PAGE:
Like chefs in a culinary competition, catalysts must avoid distractions to quickly turn feedstock into desired products. At the University of Virginia, Professor T. Brent Gunnoe and his team are designing catalysts to do just that: convert fossil feedstock into alkyl arenes that are precursors for polymers, soaps, and detergents.
The challenges and results of the team's work were presented at the Pacific Northwest National Laboratory's Frontiers in Catalysis Science and Engineering Seminar Series, where experts discuss novel ideas and scientific advances.
Gunnoe and his team create catalysts that control reactions at the molecular scale, turning on and off different products and pathways. The reactions they target, known as olefin hydroarylation, produce an alkylated aromatic ring. Although catalytic routes to these compounds are known, developing more selective, versatile, and environmentally benign methods could be a substantial advancement for the chemical industry.
"We need to create these chemicals by using more environmentally friendly, more selective and less expensive processes that make the best use of the fossil resources, converting as much of the feedstock as possible," said Gunnoe.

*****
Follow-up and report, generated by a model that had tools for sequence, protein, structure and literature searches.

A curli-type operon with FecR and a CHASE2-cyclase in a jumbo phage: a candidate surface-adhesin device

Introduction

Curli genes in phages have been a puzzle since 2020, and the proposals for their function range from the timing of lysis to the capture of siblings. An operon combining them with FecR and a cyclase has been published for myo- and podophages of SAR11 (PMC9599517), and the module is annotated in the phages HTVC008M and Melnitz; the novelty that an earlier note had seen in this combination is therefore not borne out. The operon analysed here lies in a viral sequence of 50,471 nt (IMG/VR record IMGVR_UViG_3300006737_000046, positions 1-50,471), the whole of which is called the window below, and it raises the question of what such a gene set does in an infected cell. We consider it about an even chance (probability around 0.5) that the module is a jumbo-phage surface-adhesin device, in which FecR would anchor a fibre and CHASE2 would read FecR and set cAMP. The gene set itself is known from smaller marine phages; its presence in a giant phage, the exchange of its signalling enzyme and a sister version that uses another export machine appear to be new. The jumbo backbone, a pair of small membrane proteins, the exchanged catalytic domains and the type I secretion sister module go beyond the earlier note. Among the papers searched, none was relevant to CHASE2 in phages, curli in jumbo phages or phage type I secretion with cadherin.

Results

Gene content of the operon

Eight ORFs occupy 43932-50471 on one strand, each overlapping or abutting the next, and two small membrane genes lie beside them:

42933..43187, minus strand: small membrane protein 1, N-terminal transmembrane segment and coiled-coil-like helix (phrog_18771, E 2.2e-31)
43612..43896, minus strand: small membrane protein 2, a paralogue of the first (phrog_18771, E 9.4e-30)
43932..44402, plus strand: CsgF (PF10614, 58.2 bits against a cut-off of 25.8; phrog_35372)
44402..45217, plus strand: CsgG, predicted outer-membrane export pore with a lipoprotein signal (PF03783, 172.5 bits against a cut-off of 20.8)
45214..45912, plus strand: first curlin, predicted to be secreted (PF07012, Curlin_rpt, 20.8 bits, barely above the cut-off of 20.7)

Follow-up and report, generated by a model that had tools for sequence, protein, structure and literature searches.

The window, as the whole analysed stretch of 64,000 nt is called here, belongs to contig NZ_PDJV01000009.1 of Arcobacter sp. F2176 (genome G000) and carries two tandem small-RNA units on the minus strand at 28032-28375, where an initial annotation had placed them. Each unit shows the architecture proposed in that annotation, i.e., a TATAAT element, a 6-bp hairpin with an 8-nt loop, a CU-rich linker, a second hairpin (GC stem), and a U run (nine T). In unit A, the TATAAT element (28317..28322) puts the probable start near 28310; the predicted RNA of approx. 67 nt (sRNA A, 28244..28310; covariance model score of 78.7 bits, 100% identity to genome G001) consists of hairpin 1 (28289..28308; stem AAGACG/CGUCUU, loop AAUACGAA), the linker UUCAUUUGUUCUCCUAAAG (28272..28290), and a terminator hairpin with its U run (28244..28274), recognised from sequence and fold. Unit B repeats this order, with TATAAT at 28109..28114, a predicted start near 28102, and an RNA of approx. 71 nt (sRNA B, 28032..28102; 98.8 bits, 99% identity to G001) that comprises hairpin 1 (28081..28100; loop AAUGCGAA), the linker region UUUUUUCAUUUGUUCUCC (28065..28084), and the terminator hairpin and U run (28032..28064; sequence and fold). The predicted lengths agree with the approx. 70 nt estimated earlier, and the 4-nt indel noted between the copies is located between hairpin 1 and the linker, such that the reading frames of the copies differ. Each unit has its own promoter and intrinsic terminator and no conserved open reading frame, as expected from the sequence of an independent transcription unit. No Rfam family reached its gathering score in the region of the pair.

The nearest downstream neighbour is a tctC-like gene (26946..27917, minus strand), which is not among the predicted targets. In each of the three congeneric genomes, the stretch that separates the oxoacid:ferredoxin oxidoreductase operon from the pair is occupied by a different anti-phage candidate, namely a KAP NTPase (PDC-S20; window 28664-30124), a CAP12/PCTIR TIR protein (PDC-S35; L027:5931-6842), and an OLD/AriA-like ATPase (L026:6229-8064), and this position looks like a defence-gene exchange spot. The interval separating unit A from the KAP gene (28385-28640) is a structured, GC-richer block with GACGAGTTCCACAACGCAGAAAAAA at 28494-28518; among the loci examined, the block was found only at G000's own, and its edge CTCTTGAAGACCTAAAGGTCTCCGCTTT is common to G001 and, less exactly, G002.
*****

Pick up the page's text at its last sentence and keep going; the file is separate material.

A tale of two reactions. Billions of pounds of alkyl arenes are made each year, but the traditional methods suffer from drawbacks, including large waste volumes and poor control over desired products compared to byproducts. The hydroarylation reaction that has been historically used by industry, and that is still used for several processes, known as the Friedel-Crafts reaction, was developed in 1877. Despite important advancements in this field during the past 20 years, substantial challenges remain.
Gunnoe and his group are striving to replace current systems with more efficient and selective catalysts; their current efforts are examining ruthenium- and platinum-centered catalysts. These catalysts have specifically tailored ligands. Based on experimental and computational tests, the team found that the size and electron density of the ligands strongly influence the reaction's direction. Based on what has been learned to date, they are working on increasing the longevity and selectivity of several promising versions of their initial catalyst systems.
Moving into nano. The work presented by Gunnoe beautifully demonstrated the control of catalytic processes offered by molecular catalysts. "How to use principles from molecular catalysts to make nanostructured catalyst materials that exert the same control is a big challenge for the future," said Dr. Bruce Garrett, who directs PNNL's Chemical & Materials Sciences Division.
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